June 29, 2018

Role: Guest Curator/ Experience Designer

Client: Denver Art Museum

In 2009, Nick Podgurski and I were sitting in a diner somewhere around Baltimore. Nick had just introduced me to scrapple (which I’m learning now as I google the term, is also known as “pan rabbit”). We were gnawing on our scrapple (or am I remembering that scrapple dissolves in your mouth?) deeply talking about music. “What are you thoughts on [unnamed classically trained experimental rock band]?” To my confusion, he responded, “No good. They do that thing where they swap between genres in this self satisfied way that adds nothing to the conversation. It’s just two emulations next to each other. I’m not interested when A+B = A&B. The real stuff happens when you take elements to amalgamate something entirely new. I’m much more interested in bands that take A and B and come out with X.” (Okay, so Nick’s quote is probably much more how I speak than how he speaks, but it’s been nearly a decade and it’s my memory, not his, so pardon my liberties.) But it’s been nearly a decade and that instance has stuck with me. It’s been a guiding light. Don’t get me wrong, I’ve developed an admiration for people who put two things next to each other in interesting contexts. However, the things that really get me fired up inside are those beautiful chemical reactions when A and B explode into each other and something completely unforeseen emerges.

When I was approached to curate this evening, I knew that I wanted to design containers to be filled with the unknown. I wanted to obscure the sense of authority and authorship through utilization of chance operations. I wanted to decentralize the focal point of the event so that movement through the museum would become an anarchistic choreography with no logistical hierarchy of attention. I also wanted to use it an excuse to encourage some of my favorite people to collaborate. The theme came naturally - A+B=X - an evening where artists I love set up situations which require input from museum visitors to create unforeseen outcomes.

There aren’t any photos of the event in this documentation of the event. The staff photographer didn’t show up to the event. (That’s the museum’s words, not mine.) I’ve felt salty about that for quite a while, but as I’m writing this, I’m reminded of words by Califone that I didn’t fully understand until I was listening to them in a sleep lab, cut off from the outside world. “Evidence wrecks a memory again.”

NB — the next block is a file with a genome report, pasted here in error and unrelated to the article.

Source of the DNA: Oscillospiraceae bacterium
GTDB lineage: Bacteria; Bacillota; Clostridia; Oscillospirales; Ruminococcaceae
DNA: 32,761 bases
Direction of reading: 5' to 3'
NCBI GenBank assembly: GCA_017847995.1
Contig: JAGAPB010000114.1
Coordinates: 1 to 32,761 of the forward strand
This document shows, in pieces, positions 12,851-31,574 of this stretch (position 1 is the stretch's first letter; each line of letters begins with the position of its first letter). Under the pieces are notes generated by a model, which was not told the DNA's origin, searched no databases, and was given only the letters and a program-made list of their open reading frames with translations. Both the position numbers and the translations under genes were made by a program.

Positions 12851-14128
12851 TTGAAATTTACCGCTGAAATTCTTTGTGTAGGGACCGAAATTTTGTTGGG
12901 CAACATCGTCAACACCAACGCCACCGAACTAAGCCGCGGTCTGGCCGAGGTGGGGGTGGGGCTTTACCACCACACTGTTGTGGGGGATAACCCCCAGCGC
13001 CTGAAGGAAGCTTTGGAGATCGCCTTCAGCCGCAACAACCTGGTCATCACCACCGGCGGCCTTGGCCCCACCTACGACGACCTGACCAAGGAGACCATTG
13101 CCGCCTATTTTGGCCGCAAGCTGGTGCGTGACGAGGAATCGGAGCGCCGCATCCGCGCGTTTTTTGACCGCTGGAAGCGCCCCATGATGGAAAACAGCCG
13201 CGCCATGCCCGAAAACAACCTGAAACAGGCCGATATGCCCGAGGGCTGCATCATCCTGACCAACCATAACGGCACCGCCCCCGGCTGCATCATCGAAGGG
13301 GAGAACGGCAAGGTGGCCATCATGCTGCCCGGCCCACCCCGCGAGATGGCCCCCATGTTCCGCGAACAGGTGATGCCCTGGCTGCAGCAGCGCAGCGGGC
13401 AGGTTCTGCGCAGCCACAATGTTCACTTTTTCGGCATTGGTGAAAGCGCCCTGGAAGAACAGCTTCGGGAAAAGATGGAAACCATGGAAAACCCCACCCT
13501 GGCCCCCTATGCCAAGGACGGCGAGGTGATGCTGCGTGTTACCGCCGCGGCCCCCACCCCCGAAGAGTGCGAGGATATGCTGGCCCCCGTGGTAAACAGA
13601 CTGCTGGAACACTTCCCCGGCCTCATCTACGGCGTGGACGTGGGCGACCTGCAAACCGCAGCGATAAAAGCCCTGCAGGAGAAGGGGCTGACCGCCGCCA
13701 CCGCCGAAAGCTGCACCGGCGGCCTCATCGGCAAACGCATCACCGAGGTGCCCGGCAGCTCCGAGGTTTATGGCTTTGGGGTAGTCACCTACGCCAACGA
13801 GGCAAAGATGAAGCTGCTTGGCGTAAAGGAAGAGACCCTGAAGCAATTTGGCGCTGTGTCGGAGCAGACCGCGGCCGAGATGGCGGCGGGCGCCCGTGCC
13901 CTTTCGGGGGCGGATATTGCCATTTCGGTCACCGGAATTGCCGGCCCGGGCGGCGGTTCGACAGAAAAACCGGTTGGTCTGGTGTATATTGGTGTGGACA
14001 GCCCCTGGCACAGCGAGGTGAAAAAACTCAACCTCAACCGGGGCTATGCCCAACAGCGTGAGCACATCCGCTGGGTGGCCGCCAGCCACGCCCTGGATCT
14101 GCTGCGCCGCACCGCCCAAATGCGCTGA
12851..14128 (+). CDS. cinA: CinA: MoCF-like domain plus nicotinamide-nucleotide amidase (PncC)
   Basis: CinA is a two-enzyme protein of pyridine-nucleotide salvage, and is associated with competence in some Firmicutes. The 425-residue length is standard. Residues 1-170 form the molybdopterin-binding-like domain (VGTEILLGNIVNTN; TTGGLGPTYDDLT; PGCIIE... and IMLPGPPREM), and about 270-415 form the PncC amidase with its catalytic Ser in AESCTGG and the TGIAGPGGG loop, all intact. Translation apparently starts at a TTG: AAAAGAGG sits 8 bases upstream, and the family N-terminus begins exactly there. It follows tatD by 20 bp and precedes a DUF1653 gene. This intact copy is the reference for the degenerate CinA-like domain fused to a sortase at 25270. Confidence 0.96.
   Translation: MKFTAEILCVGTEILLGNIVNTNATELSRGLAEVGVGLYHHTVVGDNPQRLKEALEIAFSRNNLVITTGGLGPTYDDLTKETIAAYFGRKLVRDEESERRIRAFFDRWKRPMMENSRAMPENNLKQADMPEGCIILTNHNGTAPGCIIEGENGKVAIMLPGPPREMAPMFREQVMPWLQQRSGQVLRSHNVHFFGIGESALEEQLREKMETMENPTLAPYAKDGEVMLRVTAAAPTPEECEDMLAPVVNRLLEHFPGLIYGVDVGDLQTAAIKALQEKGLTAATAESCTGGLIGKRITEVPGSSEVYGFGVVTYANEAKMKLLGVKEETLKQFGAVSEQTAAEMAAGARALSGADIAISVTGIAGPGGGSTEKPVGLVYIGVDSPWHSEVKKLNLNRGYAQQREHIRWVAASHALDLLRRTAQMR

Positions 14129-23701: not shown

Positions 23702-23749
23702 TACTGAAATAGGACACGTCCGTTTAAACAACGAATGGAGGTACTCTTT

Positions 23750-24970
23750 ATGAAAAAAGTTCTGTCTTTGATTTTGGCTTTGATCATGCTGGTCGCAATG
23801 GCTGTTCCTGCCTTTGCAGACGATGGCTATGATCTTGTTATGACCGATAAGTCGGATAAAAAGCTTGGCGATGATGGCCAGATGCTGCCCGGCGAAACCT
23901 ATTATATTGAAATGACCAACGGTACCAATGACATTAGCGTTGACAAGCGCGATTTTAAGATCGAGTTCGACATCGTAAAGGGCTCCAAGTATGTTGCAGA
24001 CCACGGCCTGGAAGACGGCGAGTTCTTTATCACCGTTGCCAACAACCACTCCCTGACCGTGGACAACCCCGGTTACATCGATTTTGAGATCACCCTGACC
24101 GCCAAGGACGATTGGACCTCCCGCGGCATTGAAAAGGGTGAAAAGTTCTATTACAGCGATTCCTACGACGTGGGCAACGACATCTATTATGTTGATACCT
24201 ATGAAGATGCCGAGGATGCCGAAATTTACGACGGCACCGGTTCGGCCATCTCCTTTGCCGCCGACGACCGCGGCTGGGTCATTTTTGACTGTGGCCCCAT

Leading up to the event, I took each collaborator on a walk around the museum. We yammered about their ideas. I pointed out my favorite small sounds and awkward corners. It’s nearly impossible for me to make work in a space without spending time in it first. No amount of photos or videos can replicate feeling a space respond to you or feeling yourself respond to a space. I also believe that walking is a great way to generate ideas. When you’re concerned about tripping over your own feet, there’s less room to be self-editing.

A week before our event, I cooked a twelve-course meal for the collaborators. We crammed in close around a concrete patio table in the courtyard of my basement apartment, scuttling plates and bowls in circles to get the chance to nab up a slice of pickled daikon or a triangle of fried tofu. We drank sake from the bottle and everyone presented their ideas. Sharing is food is one of the most important things. I’ve had many music rehearsals that consisted of purely of eating food with my collaborators. Often, food speaks enough.

Okay, so the event. Rather than painting some linear picture of moving through the space, I’m just going to list what happened.

A photographer sits in a car having conversations with strangers based on randomized conversation topics while a camera takes snapshots of close ups of the front seat passenger and projects them on a full wall a floor above the car.

A sculptor sits behind a table stacked high with forms of queries of love and hate to be filled out and handed to strangers, archived, or shredded in a pile.

A pile of cassette players warbles in a room of photographs, worn by earth and time. Visitors push pause. Rewind. Flip tapes. Slide volume knobs. The room changes.

Two performers in geriatric prosthetics respond to whispered concerns and questions with pre-written surrealistic words of synthetic wisdom. Polaroids document the interactions.

Photographs of the corners of inside the museum are scattered throughout the museum, creating a book when collected.

An installation artist and archivist debut newly improvised 16mm film loops created by visitors in a theatre with a predetermined soundtrack. Light and sound meet for the first time.

A group of performers crawls in an out of an inflatable dome, reacting to words and colors. Projections splay out across the inside of the dome and into the peaked ceiling panels of the museum. Undulating low frequencies billow out of an modular synthesizer enveloping the white walls in a pulsing sonic fog

A guitarist passes a guitar to an audience and requests they retune it. Upon the guitar’s return, the guitarist attempts to reproduce a composition written for a photograph in a completely different tuning.

Recordings of construction and crowds from outside the museum are played through hidden speakers inside the museum.

An archivist passes out markers and awls to deface slides of auto parts and found family vacations. The vandalized slides are projected in liminal spaces throughout the museum.

A hoarder improvises duets with strangers on a piano prepared with found vernacular photos and forms of positivity given to strangers. A man in geriatric prosthetics flings his shoe onto the piano strings